Saturday, December 13, 2008
AF-S Nikkor 50mm f/1.4G Review
I finally got my hands on the new highly anticipated AF-S Nikkor 50mm f/1.4G. So far I'm pleased with the performance of this lens.
At first glance you can tell this lens has been completely redesigned. It's much bigger than the old 1.4D, with a 3 inch diameter and 2 inch length, but surprisingly enough it weighs only about 1 0z. more so it's not going to change the balance or feel of your camera if you've gotten used to using the old one.
On the inside the lens has gotten a major overhaul. Nikon has redesigned the lens giving it 8 lens elements in 7 groups as opposed to the old one with 7 lens elements in 6 groups. Of course the biggest change is the welcome addition of Nikon's venerable Silent Wave Motor. This allows the lens to focus almost silently and much faster than the old "screw type" autofocus of the previous model.
Other than these changes the general specs stay pretty much the same with the exception of the increasing the size of the filter thread from 52mm to 58mm. This isn't much of problem for me since I always used 58mm filters with a reducing ring, but may be an issue to some people who may have quite a lot invested in their filter collection. The minimum focus distance is the same at 1.5 feet, the minimum aperture f/16 and it has a Super Integrated Coating to reduce ghosting and flare.
As far as performance goes, as expected, the Silent Wave Motor definitely increases the focusing speed noticeably. The redesigned lens elements seem to add some sharpness. It's not obviously noticeable, but it's there if you look close enough. Considering Nikon's 50mm lenses are considered some of the sharpest that they make adding even a little sharpness to images taken with this lens is pretty impressive.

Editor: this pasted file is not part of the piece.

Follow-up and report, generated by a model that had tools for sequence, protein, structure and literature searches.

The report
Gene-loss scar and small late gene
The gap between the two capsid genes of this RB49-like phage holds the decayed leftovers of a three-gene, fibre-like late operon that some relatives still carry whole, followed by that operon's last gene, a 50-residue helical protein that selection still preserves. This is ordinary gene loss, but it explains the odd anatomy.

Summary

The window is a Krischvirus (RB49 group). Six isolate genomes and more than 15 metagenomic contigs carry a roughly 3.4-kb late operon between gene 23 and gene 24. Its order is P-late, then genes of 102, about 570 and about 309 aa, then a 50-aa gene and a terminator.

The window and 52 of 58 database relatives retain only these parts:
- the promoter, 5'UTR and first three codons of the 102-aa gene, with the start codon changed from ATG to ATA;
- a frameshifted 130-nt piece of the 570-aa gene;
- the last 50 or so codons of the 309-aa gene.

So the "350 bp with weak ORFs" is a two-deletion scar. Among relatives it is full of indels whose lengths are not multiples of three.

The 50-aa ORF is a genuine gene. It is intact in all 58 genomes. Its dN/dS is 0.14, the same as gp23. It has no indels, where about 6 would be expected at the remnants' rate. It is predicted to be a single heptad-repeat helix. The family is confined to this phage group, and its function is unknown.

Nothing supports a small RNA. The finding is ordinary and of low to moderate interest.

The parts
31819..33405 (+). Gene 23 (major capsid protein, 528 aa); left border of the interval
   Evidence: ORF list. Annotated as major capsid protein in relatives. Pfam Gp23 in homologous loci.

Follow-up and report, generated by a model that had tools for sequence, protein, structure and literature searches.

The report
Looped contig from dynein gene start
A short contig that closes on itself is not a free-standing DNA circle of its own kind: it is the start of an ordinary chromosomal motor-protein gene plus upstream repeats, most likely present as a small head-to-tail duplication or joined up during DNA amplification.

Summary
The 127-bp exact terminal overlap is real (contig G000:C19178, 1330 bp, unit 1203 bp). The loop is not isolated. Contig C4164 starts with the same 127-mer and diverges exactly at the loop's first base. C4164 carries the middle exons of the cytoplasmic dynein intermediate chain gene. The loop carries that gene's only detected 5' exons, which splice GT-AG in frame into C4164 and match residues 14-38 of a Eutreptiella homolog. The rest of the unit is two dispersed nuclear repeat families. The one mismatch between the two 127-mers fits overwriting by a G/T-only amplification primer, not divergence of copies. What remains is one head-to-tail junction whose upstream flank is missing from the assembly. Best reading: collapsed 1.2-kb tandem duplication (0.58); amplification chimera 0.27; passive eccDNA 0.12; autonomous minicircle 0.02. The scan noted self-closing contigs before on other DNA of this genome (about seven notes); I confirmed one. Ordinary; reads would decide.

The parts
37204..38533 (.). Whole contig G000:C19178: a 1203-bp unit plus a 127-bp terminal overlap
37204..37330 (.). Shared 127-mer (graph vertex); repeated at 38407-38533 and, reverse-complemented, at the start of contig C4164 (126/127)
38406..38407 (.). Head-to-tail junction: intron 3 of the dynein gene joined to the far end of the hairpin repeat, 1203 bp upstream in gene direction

There's some vignetting at the widest aperture settings, but it's pretty much gone by f/2.8. This new model has rounded aperture blades to give the bokeh a more pleasing look.
There's not much you can really say about this lens. It is what it is. Even with the complete redesign of this lens it's not groundbreaking. It's a great normal focal length lens on a FX camera such as the D3, D3X or the D700 for everyday and low-light shooting. I prefer this lens on a DX camera such as the D90 or D300 which gives it an equivalent focal length of 75mm making this a perfect portrait lens.
Bottom line, is it worth the $439 price tag? Maybe not. The AF-S motor is nice, but I wouldn't say it's an absolute necessity, unless you're using a D40/X or D60.
Should you run out and trade in your f/1.4D? Nah... hold onto it. For all practical purposes these lenses are pretty close in quality.
That being said, I'm keeping mine. I happen to really like the quiet focus. I would prefer an internally focusing lens though...